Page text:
Togo wants to join the Commonwealth

Togo’s decision to join the Commonwealth will help it develop closer ties with English-speaking countries, opening up new horizons outside France’s sphere of influence in West Africa, the Togolese Foreign minister said.
Togo’s application for membership is expected to be approved by leaders of the Commonwealth, a community of 54 nations made up mainly of former British colonies, meeting at a summit in Rwanda on Friday and Saturday, as is that of Gabon, also a former French colony.
Togo’s motivation is to expand its diplomatic, political and economic network and forge closer ties with the English-speaking world, Togo’s Foreign Minister Robert Dussey told Reuters.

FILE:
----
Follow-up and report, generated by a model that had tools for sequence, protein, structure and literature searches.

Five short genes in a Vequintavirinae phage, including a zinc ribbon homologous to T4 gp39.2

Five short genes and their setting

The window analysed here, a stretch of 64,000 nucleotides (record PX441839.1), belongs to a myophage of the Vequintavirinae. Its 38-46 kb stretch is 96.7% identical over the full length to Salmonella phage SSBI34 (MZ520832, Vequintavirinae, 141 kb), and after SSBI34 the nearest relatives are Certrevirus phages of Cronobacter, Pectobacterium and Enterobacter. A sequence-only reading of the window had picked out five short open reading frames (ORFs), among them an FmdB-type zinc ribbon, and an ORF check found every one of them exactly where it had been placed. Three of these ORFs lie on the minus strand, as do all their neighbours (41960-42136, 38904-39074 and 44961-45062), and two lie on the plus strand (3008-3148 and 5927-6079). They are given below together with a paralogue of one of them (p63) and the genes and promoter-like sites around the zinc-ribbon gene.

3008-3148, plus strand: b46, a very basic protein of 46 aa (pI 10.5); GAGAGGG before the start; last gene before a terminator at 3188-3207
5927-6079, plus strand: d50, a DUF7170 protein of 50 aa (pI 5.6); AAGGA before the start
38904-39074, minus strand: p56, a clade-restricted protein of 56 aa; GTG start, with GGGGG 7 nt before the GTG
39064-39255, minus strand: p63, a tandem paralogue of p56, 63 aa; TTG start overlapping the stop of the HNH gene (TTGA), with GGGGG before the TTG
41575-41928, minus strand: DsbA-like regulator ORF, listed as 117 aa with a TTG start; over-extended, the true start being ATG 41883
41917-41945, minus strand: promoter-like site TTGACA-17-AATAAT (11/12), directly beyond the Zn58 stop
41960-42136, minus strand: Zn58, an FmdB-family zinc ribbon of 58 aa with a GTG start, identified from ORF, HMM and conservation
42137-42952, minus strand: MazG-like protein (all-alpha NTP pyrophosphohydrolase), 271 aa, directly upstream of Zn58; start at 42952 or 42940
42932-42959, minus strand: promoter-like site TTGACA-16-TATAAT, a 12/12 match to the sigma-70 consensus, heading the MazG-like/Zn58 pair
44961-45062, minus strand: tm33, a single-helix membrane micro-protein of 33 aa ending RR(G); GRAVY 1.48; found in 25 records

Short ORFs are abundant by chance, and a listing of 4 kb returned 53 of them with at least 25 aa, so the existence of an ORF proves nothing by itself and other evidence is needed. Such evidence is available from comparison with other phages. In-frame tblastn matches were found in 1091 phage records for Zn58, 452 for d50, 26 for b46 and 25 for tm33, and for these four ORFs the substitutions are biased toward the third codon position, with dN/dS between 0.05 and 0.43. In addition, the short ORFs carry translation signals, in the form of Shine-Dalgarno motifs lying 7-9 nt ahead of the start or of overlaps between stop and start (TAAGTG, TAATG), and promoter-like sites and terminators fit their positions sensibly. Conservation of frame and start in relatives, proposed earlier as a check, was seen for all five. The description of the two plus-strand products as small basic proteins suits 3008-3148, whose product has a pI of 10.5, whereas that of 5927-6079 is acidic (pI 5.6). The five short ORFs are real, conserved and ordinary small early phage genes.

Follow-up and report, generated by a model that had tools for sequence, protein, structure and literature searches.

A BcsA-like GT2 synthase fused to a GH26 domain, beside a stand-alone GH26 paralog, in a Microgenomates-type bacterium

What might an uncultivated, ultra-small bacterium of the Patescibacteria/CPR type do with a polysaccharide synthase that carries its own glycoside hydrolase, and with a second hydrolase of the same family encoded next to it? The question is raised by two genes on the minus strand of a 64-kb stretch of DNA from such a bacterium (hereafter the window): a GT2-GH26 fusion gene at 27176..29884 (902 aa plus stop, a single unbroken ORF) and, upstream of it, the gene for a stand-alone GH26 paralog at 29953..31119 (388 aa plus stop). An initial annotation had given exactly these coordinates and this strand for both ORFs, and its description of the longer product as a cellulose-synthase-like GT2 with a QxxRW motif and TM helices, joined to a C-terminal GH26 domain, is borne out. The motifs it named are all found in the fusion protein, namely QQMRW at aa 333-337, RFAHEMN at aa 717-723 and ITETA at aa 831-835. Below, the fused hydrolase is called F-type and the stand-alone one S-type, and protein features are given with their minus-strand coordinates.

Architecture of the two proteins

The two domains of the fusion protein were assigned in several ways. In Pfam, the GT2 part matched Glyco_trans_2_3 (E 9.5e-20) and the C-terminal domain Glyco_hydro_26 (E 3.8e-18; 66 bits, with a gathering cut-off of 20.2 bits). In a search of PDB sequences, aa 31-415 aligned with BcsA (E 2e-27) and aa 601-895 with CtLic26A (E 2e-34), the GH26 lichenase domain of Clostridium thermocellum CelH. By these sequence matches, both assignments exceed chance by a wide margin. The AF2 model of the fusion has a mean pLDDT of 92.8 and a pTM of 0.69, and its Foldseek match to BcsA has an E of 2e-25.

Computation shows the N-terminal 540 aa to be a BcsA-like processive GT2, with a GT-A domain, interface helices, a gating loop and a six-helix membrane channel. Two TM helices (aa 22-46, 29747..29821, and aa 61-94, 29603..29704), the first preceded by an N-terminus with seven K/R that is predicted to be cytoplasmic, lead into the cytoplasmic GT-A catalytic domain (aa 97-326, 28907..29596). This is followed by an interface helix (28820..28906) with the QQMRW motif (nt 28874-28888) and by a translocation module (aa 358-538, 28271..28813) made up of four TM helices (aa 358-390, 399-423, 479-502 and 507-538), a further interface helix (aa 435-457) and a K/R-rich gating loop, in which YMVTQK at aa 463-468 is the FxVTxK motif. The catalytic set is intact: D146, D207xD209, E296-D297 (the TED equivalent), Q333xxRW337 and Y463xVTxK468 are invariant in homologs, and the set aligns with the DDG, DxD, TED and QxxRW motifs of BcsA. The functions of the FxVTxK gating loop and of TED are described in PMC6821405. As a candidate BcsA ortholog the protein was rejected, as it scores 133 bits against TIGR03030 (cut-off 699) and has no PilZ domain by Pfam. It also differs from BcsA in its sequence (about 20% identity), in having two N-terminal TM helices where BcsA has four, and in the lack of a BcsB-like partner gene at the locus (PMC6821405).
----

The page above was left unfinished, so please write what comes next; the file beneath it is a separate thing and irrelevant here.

He said he expected Commonwealth membership to offer new export markets, funding for development projects and opportunities for Togolese citizens to learn English and access new educational and cultural resources.
Togo is located on the West African coast, with a population of about eight million and an economy largely dependent on agriculture and phosphate mining.
Ruled for 38 years by Gnassingbé Eyadema and now by his son, Faure Gnassingbé, the country has long had close ties with Paris, but is now seeking to be less dependent on France.
The French Foreign Ministry has said that Togo’s and Gabon’s moves to join the Commonwealth were sovereign decisions of those countries and that it would not be appropriate to comment on them.

About Geraldine Boechat 1986 Articles
Senior Editor for Medafrica Times and former journalist for Swiss National Television. former NGO team leader in Burundi and Somalia